Let’s assume that the public transport in your city uses blockchain. You have a wallet in your phone that you can use to pay for your rides. If you as a citizen decide that you will use public transport this week instead of driving to work every day, the city will see this action. Thanks to a smart contract, it will then be able to automatically give you a reward for a conscious good behaviour. This could be a discount on your next month’s electricity bill, free public transport over the weekend, or anything else the city finds appropriate to motivate citizens.

The incentivization possibilities are nearly endless and they offer saving opportunities as well as improving the quality of life in the city.

Effective energetics

Companies aiming to improve the process of production and distribution of electricity are also establishing themselves on blockchain. Citizens with solar panels on their houses could, thanks to these projects, automatically trade their unused electricity with their neighbours and others that are connected to the grid. These transactions would be executed automatically, with the help of smart contracts and therefore effectiveness would be achieved.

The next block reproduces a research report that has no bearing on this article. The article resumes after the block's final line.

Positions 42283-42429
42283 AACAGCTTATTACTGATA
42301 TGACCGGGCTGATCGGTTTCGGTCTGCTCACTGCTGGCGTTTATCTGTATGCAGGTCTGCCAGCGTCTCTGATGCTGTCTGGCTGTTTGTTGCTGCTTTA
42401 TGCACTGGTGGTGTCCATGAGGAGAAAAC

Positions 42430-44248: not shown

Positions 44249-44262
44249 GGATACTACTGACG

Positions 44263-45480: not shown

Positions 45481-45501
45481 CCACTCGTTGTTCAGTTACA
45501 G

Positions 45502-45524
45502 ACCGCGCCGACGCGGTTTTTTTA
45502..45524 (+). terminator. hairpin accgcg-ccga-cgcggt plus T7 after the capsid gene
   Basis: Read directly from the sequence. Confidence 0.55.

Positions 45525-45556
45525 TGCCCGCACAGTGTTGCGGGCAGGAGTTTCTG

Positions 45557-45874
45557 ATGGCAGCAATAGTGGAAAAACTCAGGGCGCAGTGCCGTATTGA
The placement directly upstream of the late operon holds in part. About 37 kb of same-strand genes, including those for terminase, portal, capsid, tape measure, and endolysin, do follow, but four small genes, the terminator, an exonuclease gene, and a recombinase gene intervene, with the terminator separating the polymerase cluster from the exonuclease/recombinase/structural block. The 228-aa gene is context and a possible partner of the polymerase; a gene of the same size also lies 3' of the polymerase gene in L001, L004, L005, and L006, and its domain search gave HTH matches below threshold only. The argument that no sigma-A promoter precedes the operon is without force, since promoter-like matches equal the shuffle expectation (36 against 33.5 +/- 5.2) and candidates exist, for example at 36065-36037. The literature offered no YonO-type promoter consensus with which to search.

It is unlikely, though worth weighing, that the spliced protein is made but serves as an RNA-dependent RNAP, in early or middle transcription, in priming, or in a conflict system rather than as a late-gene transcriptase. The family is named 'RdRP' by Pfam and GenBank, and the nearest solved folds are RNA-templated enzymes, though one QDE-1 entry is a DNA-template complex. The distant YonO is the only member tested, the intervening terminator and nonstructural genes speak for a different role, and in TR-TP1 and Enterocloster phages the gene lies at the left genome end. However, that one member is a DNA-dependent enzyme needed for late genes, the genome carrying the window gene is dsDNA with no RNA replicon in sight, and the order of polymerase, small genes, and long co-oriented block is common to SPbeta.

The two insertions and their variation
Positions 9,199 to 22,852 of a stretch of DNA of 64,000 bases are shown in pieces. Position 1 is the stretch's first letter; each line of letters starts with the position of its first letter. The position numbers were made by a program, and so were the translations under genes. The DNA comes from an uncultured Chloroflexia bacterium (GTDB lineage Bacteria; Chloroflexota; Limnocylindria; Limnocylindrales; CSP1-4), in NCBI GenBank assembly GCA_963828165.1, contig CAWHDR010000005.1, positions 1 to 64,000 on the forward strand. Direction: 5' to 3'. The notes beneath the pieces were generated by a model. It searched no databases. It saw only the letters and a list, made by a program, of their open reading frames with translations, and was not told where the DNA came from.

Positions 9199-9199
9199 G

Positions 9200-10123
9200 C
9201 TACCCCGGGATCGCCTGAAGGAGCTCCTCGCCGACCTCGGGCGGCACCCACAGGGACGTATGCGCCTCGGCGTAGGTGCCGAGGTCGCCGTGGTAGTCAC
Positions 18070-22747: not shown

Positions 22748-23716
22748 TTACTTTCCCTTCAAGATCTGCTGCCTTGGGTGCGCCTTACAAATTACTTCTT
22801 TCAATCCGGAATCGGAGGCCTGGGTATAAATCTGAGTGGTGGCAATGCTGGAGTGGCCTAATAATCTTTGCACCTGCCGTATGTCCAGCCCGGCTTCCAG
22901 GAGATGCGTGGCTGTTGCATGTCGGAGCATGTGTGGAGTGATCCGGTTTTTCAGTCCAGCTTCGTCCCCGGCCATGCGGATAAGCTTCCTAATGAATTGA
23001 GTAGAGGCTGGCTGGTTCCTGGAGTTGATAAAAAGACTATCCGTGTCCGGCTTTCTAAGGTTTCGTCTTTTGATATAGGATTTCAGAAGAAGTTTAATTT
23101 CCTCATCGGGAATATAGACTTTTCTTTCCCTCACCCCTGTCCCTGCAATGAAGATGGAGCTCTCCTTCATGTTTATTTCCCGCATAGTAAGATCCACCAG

Not only does this method create an incentive for people to move towards sustainable energy sources, but it also enables more efficient utilization of produced energy.


Estonia has created such a strong blockchain case, that it deserves to be mentioned here as a separate point. It is one of the most progressive countries in the world in terms of blockchain adoption and implementation. Today, Estonia utilizes blockchain for:

  • Blockchain technology helps detect who looks at a person’s digital health data and changes it and when
  • Blockchain technology helps to see when information about a company in the e-Business Register was changed and why
  • Blockchain technology helps to detect who changed data about real estate in the e-Land register or statements documented in the e-Court system as well as when and how
  • Blockchain technology helps to ensure that no one has manipulated smart devices such as intelligent transportation or smart war machines that could become life-threatening

Here, blockchain is not a database that physically stores the data. It rather stores hashes, which are cryptographically secured codes, generated specifically for a certain document, change or transaction on the network. It is something like a fingerprint. You cannot tell a person’s eye or hair colour based on it, and yet, they can be identified using their fingerprints. This is similar to how a hash works as well.

Estonia has been experimenting with blockchain from 2008 and it got very far. That is a sign that this new technology has a great potential and is here to stay. It’s adoption, however, does not happen overnight. Right now, the first steps of analysis of potential use cases is the most important. Cities should not stay idle, because the sooner they start experimenting with blockchain, the sooner they will understand the ways it can benefit them.